According to a December message from federal officials to the Georgia Department of Education, state officials who are thinking about applying for ESSA’s Innovative Assessment pilot program “don’t have to pick just one exam for your test drive—but you do have to end up with a single test in the end.” The news that more than one test is allowed in the initial phases of the pilot “is a potential game-changer for states who want in on the pilot but haven’t settled on an assessment for every district to use.” However, it is unclear if this approach adheres to existing ESSA regulations on piloting a single innovative assessment system.
States had to choose at least one indicator of school quality or student success to consider alongside test scores in gauging school performance. At least five states decided to use the arts—either access to classes or some other indicator—to fulfill this requirement.
States have a responsibility and opportunity to create systems that meaningfully address underperforming schools in order to provide all students with a strong, equitable education. This project is an independent peer review analysis that looks across 17 states to see how states are providing resources and supports to their districts to target schools that are most in need.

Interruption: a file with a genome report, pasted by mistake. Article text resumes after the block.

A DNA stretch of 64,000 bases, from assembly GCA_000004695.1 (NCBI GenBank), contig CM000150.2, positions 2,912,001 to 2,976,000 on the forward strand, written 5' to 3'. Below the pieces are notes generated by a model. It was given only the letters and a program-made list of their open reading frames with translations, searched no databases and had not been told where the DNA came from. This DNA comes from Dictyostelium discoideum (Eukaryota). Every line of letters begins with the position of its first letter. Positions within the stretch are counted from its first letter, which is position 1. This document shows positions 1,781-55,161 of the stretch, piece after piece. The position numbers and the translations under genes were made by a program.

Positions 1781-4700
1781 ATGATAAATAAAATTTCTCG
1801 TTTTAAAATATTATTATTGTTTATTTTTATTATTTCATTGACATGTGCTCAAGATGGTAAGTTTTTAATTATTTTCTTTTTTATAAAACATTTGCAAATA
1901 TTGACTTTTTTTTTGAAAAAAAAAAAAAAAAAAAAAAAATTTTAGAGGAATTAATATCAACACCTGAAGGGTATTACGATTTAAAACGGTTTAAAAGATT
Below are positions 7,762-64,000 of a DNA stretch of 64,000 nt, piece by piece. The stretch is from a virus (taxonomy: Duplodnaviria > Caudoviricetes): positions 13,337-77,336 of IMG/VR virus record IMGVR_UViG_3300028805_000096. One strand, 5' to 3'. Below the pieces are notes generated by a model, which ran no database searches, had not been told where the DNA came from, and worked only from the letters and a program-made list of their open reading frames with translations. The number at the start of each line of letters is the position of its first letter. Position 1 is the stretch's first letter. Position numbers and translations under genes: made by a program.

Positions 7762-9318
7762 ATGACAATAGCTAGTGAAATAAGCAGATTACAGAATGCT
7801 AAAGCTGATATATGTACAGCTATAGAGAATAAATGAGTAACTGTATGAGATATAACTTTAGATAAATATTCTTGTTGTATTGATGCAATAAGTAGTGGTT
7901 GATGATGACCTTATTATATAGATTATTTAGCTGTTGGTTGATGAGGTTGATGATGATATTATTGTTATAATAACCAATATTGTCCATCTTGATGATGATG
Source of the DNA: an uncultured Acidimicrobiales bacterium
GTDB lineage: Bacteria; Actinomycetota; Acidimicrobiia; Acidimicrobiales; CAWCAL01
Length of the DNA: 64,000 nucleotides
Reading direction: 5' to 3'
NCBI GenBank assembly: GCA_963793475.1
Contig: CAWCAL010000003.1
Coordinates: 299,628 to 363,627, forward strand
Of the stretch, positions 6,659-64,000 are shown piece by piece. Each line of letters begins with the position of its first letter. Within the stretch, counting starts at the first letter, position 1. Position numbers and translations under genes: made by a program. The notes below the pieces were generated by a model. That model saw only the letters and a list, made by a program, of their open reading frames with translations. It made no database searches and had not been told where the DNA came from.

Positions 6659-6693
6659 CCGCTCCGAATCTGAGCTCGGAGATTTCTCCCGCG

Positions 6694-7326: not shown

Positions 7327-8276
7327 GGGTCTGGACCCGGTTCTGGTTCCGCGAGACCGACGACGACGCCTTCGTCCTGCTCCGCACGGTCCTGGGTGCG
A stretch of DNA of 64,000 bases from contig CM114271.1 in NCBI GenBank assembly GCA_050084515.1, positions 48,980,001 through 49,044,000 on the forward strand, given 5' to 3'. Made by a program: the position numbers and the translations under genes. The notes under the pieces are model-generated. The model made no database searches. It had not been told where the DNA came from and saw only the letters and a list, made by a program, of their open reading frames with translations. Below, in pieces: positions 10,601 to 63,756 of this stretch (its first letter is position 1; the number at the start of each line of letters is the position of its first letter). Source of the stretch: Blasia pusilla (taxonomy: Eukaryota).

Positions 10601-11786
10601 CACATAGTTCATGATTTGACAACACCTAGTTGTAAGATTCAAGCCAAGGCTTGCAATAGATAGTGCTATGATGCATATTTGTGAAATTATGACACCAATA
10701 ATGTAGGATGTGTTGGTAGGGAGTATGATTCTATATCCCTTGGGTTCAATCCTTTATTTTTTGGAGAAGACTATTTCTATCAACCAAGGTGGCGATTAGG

Both ESSA and Perkins V are intended to support the development and maintenance of programs that ensure students and workers acquire the broad range of skills needed to engage successfully in college and careers. However, these laws have traditionally been addressed in isolation. This article explores how considering ESSA and Perkins V as complementary parts of a larger accountability system can help states be better aligned with both.
U.S. Secretary of Education Betsy DeVos released a resource guide to understanding state and local report cards required by the Every Student Succeeds Act (ESSA). For the first time ever, states will be required to report funding from federal, state and local sources, and how much money is spent per pupil. Parents will be able to utilize this valuable information to make informed decisions about their child’s current education, as well as future learning pathways.